A Political Theology of Climate Change, by Michael S. Northcott

Imagine the homes and cities of nearly half of the world’s population under water; the Amazon rainforest turned into a desert; and most of the western United States, Mexico, North and South Africa, southern Europe, and Australia rendered uninhabitable and useless for agriculture. This is not the background of the latest Hollywood blockbuster, but a collection of predictions shared by many climate scientists and discussed in a major World Bank report titled Turn Down the Heat, published in 2012.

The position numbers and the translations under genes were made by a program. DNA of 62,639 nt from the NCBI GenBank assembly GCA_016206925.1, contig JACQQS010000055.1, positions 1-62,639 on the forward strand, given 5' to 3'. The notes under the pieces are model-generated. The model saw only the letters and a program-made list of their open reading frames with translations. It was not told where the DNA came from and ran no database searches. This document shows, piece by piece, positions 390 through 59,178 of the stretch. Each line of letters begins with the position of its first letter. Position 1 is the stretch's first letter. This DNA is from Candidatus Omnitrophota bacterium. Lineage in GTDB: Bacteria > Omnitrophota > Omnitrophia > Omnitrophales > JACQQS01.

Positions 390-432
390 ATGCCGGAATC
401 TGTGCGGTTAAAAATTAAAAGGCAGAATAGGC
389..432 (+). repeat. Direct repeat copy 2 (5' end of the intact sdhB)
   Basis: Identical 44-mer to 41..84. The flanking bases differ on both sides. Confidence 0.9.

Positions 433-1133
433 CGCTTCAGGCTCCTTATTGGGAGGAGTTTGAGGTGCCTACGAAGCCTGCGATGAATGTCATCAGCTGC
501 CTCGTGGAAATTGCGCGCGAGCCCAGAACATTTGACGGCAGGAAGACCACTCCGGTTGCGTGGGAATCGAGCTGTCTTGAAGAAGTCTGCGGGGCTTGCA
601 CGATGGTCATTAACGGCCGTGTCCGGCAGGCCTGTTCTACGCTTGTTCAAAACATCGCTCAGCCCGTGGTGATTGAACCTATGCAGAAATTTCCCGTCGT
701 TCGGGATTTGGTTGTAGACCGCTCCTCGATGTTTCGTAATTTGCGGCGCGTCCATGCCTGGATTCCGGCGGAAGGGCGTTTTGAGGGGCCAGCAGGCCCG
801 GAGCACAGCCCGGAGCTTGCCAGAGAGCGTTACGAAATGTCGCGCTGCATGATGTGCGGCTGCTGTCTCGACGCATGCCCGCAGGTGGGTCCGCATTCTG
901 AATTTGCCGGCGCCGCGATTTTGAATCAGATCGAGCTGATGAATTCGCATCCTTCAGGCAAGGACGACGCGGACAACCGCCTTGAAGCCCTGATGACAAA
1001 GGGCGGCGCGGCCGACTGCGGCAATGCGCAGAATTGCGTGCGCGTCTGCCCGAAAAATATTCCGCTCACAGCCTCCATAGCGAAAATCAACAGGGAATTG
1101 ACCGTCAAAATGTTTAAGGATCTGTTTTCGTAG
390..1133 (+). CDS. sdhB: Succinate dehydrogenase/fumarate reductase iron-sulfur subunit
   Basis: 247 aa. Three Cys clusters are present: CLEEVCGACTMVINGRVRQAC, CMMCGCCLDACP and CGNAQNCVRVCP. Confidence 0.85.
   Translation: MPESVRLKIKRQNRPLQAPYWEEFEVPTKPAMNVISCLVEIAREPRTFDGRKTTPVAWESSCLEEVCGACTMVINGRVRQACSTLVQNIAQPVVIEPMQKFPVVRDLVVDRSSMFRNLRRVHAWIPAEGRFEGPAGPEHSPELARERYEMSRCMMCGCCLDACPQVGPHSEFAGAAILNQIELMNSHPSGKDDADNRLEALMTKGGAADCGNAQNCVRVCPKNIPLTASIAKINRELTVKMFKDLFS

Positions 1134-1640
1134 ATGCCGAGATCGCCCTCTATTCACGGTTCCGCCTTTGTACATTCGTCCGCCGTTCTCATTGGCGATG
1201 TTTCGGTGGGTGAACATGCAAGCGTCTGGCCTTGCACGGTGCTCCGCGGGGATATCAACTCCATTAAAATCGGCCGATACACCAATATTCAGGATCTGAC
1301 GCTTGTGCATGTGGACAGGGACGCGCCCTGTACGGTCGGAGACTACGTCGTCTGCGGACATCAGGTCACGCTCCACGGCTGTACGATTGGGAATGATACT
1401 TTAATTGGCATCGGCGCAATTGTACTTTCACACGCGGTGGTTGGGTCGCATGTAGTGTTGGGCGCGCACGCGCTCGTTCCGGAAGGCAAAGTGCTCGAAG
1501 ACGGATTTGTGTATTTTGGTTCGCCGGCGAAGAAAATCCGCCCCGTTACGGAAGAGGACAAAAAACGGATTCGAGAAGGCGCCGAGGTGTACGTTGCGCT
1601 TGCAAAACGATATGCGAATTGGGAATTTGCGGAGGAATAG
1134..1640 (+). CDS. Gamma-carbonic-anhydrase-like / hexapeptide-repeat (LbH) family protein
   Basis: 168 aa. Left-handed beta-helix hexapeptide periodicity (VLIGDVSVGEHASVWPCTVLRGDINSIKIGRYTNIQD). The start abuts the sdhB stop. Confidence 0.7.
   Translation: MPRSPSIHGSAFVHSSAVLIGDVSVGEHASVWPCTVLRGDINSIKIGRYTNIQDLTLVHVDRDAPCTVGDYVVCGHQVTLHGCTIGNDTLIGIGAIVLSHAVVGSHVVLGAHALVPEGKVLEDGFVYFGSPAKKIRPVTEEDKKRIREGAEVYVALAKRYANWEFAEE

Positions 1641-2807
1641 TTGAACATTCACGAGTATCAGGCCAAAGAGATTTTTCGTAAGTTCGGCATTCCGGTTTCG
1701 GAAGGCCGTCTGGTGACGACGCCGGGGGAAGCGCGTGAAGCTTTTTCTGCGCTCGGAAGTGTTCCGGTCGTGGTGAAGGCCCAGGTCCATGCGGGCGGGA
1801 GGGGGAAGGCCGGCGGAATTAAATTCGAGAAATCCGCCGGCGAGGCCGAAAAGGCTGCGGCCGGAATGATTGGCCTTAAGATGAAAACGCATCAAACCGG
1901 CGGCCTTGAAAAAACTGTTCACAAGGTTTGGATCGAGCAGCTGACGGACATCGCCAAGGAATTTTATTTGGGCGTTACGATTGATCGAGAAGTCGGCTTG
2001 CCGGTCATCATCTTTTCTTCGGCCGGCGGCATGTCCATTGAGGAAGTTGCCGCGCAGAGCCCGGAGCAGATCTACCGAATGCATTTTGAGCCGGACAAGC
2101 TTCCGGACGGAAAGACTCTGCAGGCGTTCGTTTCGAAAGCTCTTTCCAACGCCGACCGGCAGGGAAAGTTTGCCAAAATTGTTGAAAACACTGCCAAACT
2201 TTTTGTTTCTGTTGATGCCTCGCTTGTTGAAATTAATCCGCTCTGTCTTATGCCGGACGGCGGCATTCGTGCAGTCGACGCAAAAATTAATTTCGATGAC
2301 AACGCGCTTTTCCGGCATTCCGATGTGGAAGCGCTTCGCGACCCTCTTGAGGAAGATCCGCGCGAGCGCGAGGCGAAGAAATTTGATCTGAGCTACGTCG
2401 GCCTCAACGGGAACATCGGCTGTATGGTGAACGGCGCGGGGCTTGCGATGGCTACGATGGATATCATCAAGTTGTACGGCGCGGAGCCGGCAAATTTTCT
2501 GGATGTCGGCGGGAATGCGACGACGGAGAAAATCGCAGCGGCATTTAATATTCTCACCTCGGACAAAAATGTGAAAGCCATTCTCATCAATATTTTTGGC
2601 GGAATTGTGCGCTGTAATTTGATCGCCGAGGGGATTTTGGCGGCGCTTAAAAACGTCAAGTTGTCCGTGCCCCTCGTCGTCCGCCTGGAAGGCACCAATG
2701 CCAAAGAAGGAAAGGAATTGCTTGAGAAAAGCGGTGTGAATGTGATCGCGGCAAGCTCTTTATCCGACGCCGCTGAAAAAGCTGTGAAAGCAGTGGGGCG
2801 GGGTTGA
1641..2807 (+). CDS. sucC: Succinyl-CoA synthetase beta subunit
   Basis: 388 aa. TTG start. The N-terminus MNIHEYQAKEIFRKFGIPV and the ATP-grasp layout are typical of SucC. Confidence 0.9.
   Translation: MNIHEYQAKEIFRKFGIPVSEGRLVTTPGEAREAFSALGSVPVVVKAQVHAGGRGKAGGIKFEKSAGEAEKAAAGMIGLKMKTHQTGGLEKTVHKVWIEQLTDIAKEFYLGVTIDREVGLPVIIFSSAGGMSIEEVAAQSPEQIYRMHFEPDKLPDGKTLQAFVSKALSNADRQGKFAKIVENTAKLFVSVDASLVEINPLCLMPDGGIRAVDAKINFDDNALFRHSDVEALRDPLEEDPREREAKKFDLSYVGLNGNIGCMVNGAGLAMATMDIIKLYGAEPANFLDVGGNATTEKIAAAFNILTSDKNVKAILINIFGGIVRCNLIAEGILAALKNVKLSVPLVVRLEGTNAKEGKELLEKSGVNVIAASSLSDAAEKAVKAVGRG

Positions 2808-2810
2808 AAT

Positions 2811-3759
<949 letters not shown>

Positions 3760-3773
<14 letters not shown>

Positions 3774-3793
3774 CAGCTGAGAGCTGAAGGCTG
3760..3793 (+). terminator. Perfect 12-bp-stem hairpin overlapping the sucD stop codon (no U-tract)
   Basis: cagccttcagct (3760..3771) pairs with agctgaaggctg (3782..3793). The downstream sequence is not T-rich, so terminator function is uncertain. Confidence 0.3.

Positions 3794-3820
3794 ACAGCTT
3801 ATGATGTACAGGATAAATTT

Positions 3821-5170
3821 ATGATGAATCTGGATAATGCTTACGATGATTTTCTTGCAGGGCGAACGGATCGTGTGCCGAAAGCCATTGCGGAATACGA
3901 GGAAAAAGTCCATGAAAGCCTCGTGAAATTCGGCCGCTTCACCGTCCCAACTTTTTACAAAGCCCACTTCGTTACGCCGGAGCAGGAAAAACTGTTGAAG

Given the contested nature of climate change science in the United States and the deeply politicized nature of related public policy, many Americans dismiss these reports as sensationalized attempts at fearmongering. Christian ethicist Michael Northcott sees the use of apocalyptic imagery in the climate debate very differently.

Northcott highlights how “climate apocalyptic” serves three functions similar to those of New Testament apocalyptic. First, it unveils or demonstrates the ways in which humanity’s actions are influencing and reshaping the natural world. Second, it warns that although changes in the planet and its atmosphere may have a disproportionately damaging impact on the world’s poor and the marginalized, they will also harm the world’s elite. Third, it is a call and an opportunity for moral and political transformation.